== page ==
I also noticed that stitching is an activity that becomes associated with the physical context that one is working in; whether having a conversation, watching the television or sitting in a quiet room, the physical space becomes tied in one’s memory to the physical object. The shoes in the History and Adventures also take in the activities and conversations that occur while the girl does her needlework: ‘Whilst she was at work upon us, her tongue moved as nimbly as her fingers, with hymns, and love-songs, stories, jests, and all the effusions of female prattling’. (38)
How wonderful to think about all of the conversations that have happened over the embroidered shoes that museums and archives currently hold! It adds a significant cultural layer to the object and makes me think of the way, as Jennie Batchelor argues, the Lady’s Magazine encourages conversation and complex dialogue, especially about fashion. The young woman in History and Adventures similarly reproduces multiple and often clashing verbal texts while creating her material one.
The production of footwear in the eighteenth century similarly required different artisans to contribute parts to a completed project that was then shaped and individualised by the consumer.  In History and Adventures the ‘neat girl’ passes her work on to a shoemaker, who feels that he must match the standards of the embroidery, as the shoes put it: ‘that my other parts might be answerable’. Shoe-making required a communion between parts, and I do feel a little strange that my uppers will not be used to vamp any shoes; however, the fact that they are at Chawton House for the ‘Emma at 200’ exhibition makes them part of a bigger project and conversation in a similar sense.
Here are the finished products. One upper has been washed and ironed and the other only ironed (I learned that Douppioni silk does not wash well), while the undersides are quite embarrassing. I somehow never managed to get all of the stray threads neatly tucked under my stitches. I could not be called a neat ‘work-woman’ as in the fictional examples above. All of this shows my inexperience with the materials but also gives me something to consider the next time I am looking at surviving examples of footwear.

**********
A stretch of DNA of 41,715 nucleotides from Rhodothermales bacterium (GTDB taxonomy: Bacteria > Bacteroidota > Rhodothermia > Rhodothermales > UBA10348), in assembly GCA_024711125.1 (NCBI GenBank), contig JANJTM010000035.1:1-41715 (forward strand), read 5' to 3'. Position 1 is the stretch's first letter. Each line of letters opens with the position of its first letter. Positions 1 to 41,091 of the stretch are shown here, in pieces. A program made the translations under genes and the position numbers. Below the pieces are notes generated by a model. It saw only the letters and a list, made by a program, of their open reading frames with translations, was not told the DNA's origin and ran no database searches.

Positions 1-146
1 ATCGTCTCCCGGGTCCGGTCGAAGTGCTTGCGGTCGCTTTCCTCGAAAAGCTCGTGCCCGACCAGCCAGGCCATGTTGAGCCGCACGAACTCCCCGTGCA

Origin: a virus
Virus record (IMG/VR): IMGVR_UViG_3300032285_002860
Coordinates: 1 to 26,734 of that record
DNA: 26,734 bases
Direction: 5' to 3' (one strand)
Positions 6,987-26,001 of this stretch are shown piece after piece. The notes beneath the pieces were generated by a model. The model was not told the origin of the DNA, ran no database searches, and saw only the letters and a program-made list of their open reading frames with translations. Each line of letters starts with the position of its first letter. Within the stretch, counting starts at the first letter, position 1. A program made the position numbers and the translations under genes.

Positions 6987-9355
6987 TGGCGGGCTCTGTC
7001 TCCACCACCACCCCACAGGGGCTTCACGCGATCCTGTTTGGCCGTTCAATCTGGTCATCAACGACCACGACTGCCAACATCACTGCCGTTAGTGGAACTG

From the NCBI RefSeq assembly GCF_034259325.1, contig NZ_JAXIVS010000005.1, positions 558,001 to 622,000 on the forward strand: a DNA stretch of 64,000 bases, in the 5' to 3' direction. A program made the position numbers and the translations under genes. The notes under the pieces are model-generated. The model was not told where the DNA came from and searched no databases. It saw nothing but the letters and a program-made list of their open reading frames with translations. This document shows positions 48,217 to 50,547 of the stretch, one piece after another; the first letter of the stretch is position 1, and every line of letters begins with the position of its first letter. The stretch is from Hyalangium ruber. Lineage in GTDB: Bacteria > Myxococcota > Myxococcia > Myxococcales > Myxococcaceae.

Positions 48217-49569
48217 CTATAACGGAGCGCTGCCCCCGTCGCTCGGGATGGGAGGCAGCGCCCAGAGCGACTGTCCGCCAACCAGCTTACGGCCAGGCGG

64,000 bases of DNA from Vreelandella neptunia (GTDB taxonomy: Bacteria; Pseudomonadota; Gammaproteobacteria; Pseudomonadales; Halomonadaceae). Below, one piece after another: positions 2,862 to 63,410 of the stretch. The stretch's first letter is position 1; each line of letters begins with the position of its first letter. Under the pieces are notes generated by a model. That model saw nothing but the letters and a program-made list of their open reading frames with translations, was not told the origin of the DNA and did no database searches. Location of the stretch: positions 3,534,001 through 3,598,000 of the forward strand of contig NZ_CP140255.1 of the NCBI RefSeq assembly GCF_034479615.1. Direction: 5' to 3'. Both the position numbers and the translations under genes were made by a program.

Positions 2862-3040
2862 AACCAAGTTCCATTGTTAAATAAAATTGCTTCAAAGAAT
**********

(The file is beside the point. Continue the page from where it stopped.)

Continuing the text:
And speaking of surviving examples, I discovered yet another layer of community when I found these eighteenth-century shoes in the Victoria and Albert Museum digital collections with the 1775 Lady’s Magazine pattern adorning them. I was so excited! Suddenly the pattern became even more alive than it already was.
Left: Details of shoes in the Victoria and Albert Museum Collections, juxtaposed against my interpretation of the design.
The embroiderer had made so many different decisions from mine that I felt like we were having a conversation across time. She (perhaps the owner of the shoes who had spotted the pattern in the Lady’s Magazine or a professional who was hired to complete the work for another) had decided to aim the design in a different direction, with the stems pointing towards the tongue rather than the toe of the shoe and I realised that this assumes the wearer would be looking at her own feet, rather than expecting others to look at her feet. In my focus on dress as an outward expression of self, I’d forgotten Jane Austen’s narrator’s advice in Northanger Abbey: ‘Woman is fine for her own satisfaction alone’ (54). But this is not entirely true for the owner of the V&A shoes either, because I certainly gained a great deal of satisfaction from this absent person’s finery.
The thrill I felt when I found an eighteenth-century interpretation of the design I had just spent weeks replicating speaks to a sort of intertextuality I think I need to pay more attention to: when object and embroiderer and text talk to one another a connection is forged that perhaps links us not only to one another, but across time and space, to the hands and minds of those who had to decide between a chain stitch and a long-and-short stitch all those years ago, and to the objects that still embody those choices.
Dr Alicia Kerfoot is an Assistant Professor at the College of Brockport (SUNY), where she teaches Restoration and eighteenth-century British literature and culture.
 Jane Austen, Northanger Abbey. 1818. Ed. John Davie (Oxford: Oxford UP, 1998), 14, 54.
 Frances Burney, The Wanderer; or, Female Difficulties. 1814. Ed. Margaret Anne Doody (Oxford: Oxford UP, 2001), 104.
 See Rozsika Parker’s The Subversive Stitch: Embroidery and the Making of the Feminine for a developed discussion of this complex issue, especially page 102.
 Samuel Richardson, Pamela; or, Virtue Rewarded. 1740. Ed. Thomas Keymer and Alice Wakely (Oxford: Oxford UP, 2001), 44.
 The History and Adventures of a Lady’s Slippers and Shoes. Written by Themselves. (London: M. Cooper, 1754), 38-9.
 For a discussion of how shoemakers and journeymen collaborated and competed with one another in the production of footwear see Giorgio Riello’s A Foot in the Past: Consumers, Producers and Footwear in the Long Eighteenth Century (Oxford, Oxford UP, 2006).